It is not known as to when and how man had first captured and tamed an elephant and put it for usage to his advantage but it is definitely a great feat for man with less physical power that he evolved prowess to tame an elephant after its capture. But ever since that period, the relationship between man and elephant is of great compassion. It was of love & affection and humans have used this prized possession to his advantage through ages. The mutual bond is such that even when there is depredation by elephant resulting in big loss of property & human life, the people by and large show restraint and it does not manifest into any wrath against such marauders rather they find more often rationalities for such destruction and depredation. Most of us grew up hearing the story of six blind men and elephant. Stories abound about wisdom of elephant and Jataka tales are full of it. These all point to one fact that life of people of our country since ancient time has revolved around elephant.

Mahut: 

Mahut is that person who commands a captive elephant. We cannot think of a captive elephant without its mahut. The chemistry of this bond cannot be explained, it could only  be felt when we see the skill & dexterity with which all the movements of elephant are controlled by a man, who as a master has measly physical power compared to the animal he commands ! . This bond is of love and affection, has grown over centuries. We have a large population of family of mahuts who have passed on their skill of manoeuvring an elephant from father to son through ages. Mahut shares with elephant its feeling in a language which is implicitly understood by the animal only. 

Indian elephant 

The Indian elephant (Elephas maximus indicus) is one of the 3 recognized sub-species of the Asian elephant which are native to mainland Asia. Since 1986, Elephas maximus has been listed as Endangered by IUCN as its population has declined by at least 50% over the last three generations. Indian elephants are threatened by habitat loss, degradation and decimation and forest fire. Our elephants are smaller than African elephants in size and mass. The tip of their trunk has one finger-like proboscis. Their back is convex or level. The Indian elephants reach a shoulder height of between 2 m to 3.5 m weigh between 2,000 and 5,000 kg. Their skin color is lighter with smaller patches of de-pigmentation. Females are smaller than males, and have short or no tusk. Indian elephants are distinct with smaller ears, but relatively broader skulls and larger trunks than African elephants. Toes are large and broad. Unlike their African cousins, their abdomen is proportionate with their body weight but the African elephant has a large abdomen as compared to the skulls.

Ecology: 

Comparison of extinct and existing forms of elephants gives us an insight into the great physical change that elephant has undergone through the long ages of evolution. It has been brought about largely due to migration to more conducive areas in search of feeds & forage and newer conditions that nature has imposed on it due to changes in climate and vegetation type. The modifications that elephant displays are seen in its acquiring great size which necessitated development of pillar like limbs to support enormous weight and volume of its body which eventually gave the shape of its pendant trunk for adaptation and survival.  Elephants are long range animals which graze and browse over a distance of 15 to 18 km a day with its long & strong limbs and being entirely herbivore in their forage habits , they are generalists and can adapt themselves to a wide range of vegetation types. While they are dependent on grass for the bulk of their diet in the deciduous forests which is dominated by pastures but they can also live almost entirely off- browse (of woody plants) and fruits in evergreen forests where grass is almost absent. Its process of digestion is rather poor and that’s why it needs to consume a lot to meet its nutritional requirement. An average adult elephant consumes about 300 kg of forage a day and it needs about 150 to 200 litres of water.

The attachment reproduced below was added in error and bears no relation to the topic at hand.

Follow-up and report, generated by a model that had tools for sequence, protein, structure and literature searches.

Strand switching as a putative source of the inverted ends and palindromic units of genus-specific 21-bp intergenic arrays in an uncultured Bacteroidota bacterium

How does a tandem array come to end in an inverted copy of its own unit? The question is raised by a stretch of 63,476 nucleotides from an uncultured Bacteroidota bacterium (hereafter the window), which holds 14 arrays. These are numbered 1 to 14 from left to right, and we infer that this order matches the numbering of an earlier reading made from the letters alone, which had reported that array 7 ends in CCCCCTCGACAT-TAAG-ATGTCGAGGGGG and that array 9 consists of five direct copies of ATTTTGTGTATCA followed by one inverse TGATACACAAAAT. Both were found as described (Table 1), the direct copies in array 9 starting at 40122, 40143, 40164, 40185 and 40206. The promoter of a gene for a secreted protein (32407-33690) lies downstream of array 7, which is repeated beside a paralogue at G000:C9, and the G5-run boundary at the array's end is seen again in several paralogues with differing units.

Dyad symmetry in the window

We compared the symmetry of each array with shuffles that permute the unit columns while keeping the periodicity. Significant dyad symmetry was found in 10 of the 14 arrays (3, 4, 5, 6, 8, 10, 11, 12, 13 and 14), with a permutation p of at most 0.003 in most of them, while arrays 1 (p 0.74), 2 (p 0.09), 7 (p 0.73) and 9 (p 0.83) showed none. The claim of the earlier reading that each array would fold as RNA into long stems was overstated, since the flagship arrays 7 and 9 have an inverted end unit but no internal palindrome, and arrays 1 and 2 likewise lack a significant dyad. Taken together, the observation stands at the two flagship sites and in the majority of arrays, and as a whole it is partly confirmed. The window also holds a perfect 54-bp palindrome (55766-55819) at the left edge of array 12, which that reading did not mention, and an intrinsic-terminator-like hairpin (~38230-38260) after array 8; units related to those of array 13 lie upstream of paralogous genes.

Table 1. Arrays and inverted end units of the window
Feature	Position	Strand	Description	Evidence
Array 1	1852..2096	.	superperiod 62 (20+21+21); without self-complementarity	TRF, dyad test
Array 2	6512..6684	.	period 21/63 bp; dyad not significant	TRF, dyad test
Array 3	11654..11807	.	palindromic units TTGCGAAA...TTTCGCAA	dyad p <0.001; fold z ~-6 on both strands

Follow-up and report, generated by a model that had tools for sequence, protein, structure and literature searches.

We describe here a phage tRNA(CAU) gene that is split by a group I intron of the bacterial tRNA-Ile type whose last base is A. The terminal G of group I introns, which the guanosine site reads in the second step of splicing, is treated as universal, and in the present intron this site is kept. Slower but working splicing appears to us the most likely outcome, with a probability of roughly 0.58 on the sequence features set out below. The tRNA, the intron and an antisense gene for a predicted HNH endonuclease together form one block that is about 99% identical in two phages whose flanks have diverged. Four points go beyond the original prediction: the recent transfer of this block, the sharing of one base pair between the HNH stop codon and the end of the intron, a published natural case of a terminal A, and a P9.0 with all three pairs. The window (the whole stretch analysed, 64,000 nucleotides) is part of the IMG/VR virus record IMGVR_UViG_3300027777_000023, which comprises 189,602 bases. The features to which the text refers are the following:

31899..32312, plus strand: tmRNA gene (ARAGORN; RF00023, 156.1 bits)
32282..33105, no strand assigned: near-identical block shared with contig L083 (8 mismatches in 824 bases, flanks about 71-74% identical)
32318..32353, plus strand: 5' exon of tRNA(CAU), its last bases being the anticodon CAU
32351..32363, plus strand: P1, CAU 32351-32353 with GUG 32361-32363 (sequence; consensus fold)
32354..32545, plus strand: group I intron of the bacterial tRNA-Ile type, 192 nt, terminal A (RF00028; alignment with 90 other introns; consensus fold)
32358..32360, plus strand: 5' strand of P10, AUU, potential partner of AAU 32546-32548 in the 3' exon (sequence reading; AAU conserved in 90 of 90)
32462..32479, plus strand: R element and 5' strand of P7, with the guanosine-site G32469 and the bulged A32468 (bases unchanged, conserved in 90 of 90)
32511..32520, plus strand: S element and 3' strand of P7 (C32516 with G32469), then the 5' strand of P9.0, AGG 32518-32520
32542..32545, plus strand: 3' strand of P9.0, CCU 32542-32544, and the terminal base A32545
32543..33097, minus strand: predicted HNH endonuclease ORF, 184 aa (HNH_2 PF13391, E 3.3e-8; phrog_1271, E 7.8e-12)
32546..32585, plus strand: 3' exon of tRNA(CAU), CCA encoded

While bulk of the time of elephant is spent on forage and feeding, water is also very important and critical resource without which the elephants cannot survive. In addition to water for drinking, the elephants also need water to cool them. It does not have sweat glands and so thermo-regulation is a problem for them especially in dry, hot and humid areas. They overcome this problem in a way which is unique to the elephant. Its large radiator like ears are constantly moved back and forth and with large network of blood vessels present in this fan-like structure, stirring helps in rich supply of blood which gets cooled by several degrees centigrade which is sent back to the body. Besides it goes for wallowing in mud water to cool itself. It also tosses sand, mud and dust into its body to keep it cool.  Incidentally the presence or absence of elephant in a forest is an indicator of the health of the forests and thus its presence in large herds indicates healthy forest ecosystem.